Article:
Women online gamers outnumber men - say wtf?

Conventional wisdom on its head, indeed. Here's a story that's come out of a Nielsen Entertainment survey that reported women online gamers outnumbering men two to one.

Of the online gamers surveyed in a Nielsen Entertainment survey, 64 per cent were female.

In the broader video game sphere, male gamers still outnumber women overall by a factor of two to one, according to the report released on Thursday.

The Nielsen survey also suggested that about eight per cent of gamers are at least 45 years old, but teenagers still comprise the largest portion of all gamers, representing 40 per cent of those who play games.

The survey looked at 2,200 gamers in July who own at least one game device — including game consoles, hand-held devices and PCs.

There are about 117 million video game players over the age of 13 in the United States, 56 per cent of whom play online.

I have to get my hot little hands on these details, for sure. I have played EverQuest, and continue to play World of Warcraft--and know that there is a huge chunk of women involved, but this statistic outdoes the "slightly under half" stat for women online gamers even 2 years ago. Wild. Maybe playing primarily on a PvP server (which tends to attract fewer women and admitting you're a 'girl' still garners somewhat creepy responses) has skewed my thinking!

Thursday, October 05, 2006

Make love not WarCraft

South Park's latest episode was the topic of discussion on our dear BoingBoing today (where you can find links to the episode and piccys) because everyone in South Park became World of WarCraft zombies. I also found it giggle-worthy that poster Xeni Jardin linked to friend Joi Ito (fellow WeOrc and WeKnow guildie) as just such a someone.

Online gambling: regulations on payments

Shockwaves are rippling through the online gambling sector because of legislation passing in Washington, making it illegal for banks and credit card companies to make payments to online gambling sites.
This regulation has sent industry watchers and investors into a tizzy in the UK, and the Act only requires the signature of President Bush-and that is expected to happen within the next two weeks.
Stakeholders, already reeling from the arrest of David Carruthers of BetonSports and Peter Dicks from Sportingbet, had expected the legislation to fail.
When regulation of this sort comes about, one can instantly see ways around it, including the emergence of more 'underground' type operations. It will be interesting to see what happens.
For more, take a look at FT and the discussion taking place on this at Crooked Timber.

Monday, October 02, 2006

The First Banff Innovation Summit

Lots to think about as we begin the new month of October. Right after my wonderful revelations of kinship with ethnographers in Portland, I was transported too cruelly back into the 'real' world of being -the- anthropologist again. Of course, there is something to be said for fulfilling niches in specific environments (which is what we tend to do) but nonetheless... fleeting, and wistful.
All the more jarring was my direct transport into the land of business and economics, namely my participation in an Innovation Summit in Banff, Alberta.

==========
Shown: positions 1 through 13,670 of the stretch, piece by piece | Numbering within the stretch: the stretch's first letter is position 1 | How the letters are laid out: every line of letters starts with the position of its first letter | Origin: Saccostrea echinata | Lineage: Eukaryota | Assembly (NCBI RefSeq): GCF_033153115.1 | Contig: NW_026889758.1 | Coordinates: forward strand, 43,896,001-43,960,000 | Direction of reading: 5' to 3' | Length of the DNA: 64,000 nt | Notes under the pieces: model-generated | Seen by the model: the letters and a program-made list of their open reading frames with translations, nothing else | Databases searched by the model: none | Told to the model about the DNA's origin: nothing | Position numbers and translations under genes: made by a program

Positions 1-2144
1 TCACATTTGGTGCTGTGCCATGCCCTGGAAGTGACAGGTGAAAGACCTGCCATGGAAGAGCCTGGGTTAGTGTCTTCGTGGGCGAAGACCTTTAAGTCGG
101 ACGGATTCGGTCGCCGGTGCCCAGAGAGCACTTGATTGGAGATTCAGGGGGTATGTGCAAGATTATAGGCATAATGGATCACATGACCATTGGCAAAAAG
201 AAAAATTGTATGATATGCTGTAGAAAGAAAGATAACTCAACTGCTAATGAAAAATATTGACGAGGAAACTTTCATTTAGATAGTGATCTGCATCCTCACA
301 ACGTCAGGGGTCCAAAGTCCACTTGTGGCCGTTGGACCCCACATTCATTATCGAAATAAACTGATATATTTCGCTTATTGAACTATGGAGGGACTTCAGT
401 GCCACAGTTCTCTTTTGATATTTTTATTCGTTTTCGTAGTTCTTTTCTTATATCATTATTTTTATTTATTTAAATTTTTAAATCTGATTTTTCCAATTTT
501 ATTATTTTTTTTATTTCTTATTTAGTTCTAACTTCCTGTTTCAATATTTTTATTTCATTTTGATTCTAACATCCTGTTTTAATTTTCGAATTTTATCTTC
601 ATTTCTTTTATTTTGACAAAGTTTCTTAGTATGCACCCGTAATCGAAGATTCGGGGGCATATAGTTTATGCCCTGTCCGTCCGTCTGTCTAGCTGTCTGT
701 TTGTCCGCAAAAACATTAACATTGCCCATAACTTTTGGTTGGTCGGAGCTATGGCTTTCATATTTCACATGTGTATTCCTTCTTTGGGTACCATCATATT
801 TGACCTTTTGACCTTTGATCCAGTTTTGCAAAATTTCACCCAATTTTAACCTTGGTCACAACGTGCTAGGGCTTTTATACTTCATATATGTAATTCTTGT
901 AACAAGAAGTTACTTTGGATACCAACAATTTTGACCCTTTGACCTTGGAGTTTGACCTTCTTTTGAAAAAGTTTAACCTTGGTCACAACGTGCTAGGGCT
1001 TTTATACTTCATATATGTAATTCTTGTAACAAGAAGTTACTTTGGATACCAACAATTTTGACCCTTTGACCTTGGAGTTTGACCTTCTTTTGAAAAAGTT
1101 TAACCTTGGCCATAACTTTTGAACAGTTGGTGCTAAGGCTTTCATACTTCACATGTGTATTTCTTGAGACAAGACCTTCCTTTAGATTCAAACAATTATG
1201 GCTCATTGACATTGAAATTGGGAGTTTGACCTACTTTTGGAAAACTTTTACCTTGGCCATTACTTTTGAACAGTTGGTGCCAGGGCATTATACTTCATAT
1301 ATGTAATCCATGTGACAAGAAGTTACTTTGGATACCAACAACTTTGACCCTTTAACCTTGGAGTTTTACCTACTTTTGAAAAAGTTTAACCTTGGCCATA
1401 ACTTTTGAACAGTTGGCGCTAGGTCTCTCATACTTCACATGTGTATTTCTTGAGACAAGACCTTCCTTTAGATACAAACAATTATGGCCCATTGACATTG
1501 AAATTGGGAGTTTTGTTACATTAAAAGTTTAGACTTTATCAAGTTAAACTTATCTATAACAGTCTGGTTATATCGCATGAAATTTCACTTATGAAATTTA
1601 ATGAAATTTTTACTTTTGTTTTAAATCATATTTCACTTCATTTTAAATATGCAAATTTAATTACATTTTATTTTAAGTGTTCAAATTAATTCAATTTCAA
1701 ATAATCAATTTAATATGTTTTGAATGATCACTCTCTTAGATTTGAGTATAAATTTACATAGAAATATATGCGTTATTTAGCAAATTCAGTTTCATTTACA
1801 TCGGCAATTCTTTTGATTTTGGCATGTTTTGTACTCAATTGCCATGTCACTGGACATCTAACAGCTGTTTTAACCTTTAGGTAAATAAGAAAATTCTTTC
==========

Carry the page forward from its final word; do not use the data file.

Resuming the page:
"What's an anthropologist doing here?" One may, (and many did) ask.
Same reason why people like Stuart Kauffman, a leading-edge Biologist was there: to shake things up, and lend perspective on what various parties and stakeholders need to do and think about in order to create a culture of world-class innovation in Canada. To that effect, prior to the Summit we read five challenger papers by selected delegates assembled by The Centre for Innovation Studies (THECIS):
Richard Hawkins: Tier 1 Canada Research Chair in Science, Technology and Innovation Policy
Stuart Kauffman: iCore Chair, Biocomplexity and Informatics
Daniel Levinthal: Professor of Corporate Management, Wharton School of Business, University of Pennsylvania
Ian Miles: Professor of Policy Research into Engineering, Science, and Technology, University of Manchester Business School, UK
David Mowery: Professor of New Enterprise Development, Haas School of Business, University of California, Berkeley

After a keynote from John Dryden of the OECD, each challenger presented their papers and thoughts on the state of innovation in Canada and the world over. Then we commented. Then over 2 long days we brainstormed, and debated, and brainstormed in that room which you can see on my Flickr site. I felt very privileged to be included in this very intimate formal and informal dialogue during these very intense two days.

Over the next few weeks, the results from this conference will be compiled into a manuscript, and the more urgent recommendations sent to government even sooner. When called upon to give my spiel at the end, I contributed my version of the proceedings, which was a 20-point list of what innovation is NOT which I hope captured some of the subtleties and complexities of the arguments while including the requisite "Flo-humour" for which I am now apparently infamous. That list might be going into the report--a quick and dirty (but entertaining) executive summary, if you will. I guess my training as the 'participant observer' came in handy yet again. Perspective from the outside in, the seduction of the margins, and all that.
Stay tuned for more developments on the innovation front, as it happens.

You can see the photos coming from that land, on my flickr site here>>

Blogging for mobilemuse.ca

I have recently joined the team of weekly bloggers at mobilemuse.ca

My first post is a piece on Leora Kornfeld of Ubiquity Interactive.

For mobilemuse, I will be writing on various people, places, and things as they pertain to the wonderful world possibilities in mobility. So my peepz, another one to add to the ol' RSS feed if you haven't already done so. We be getting this party started.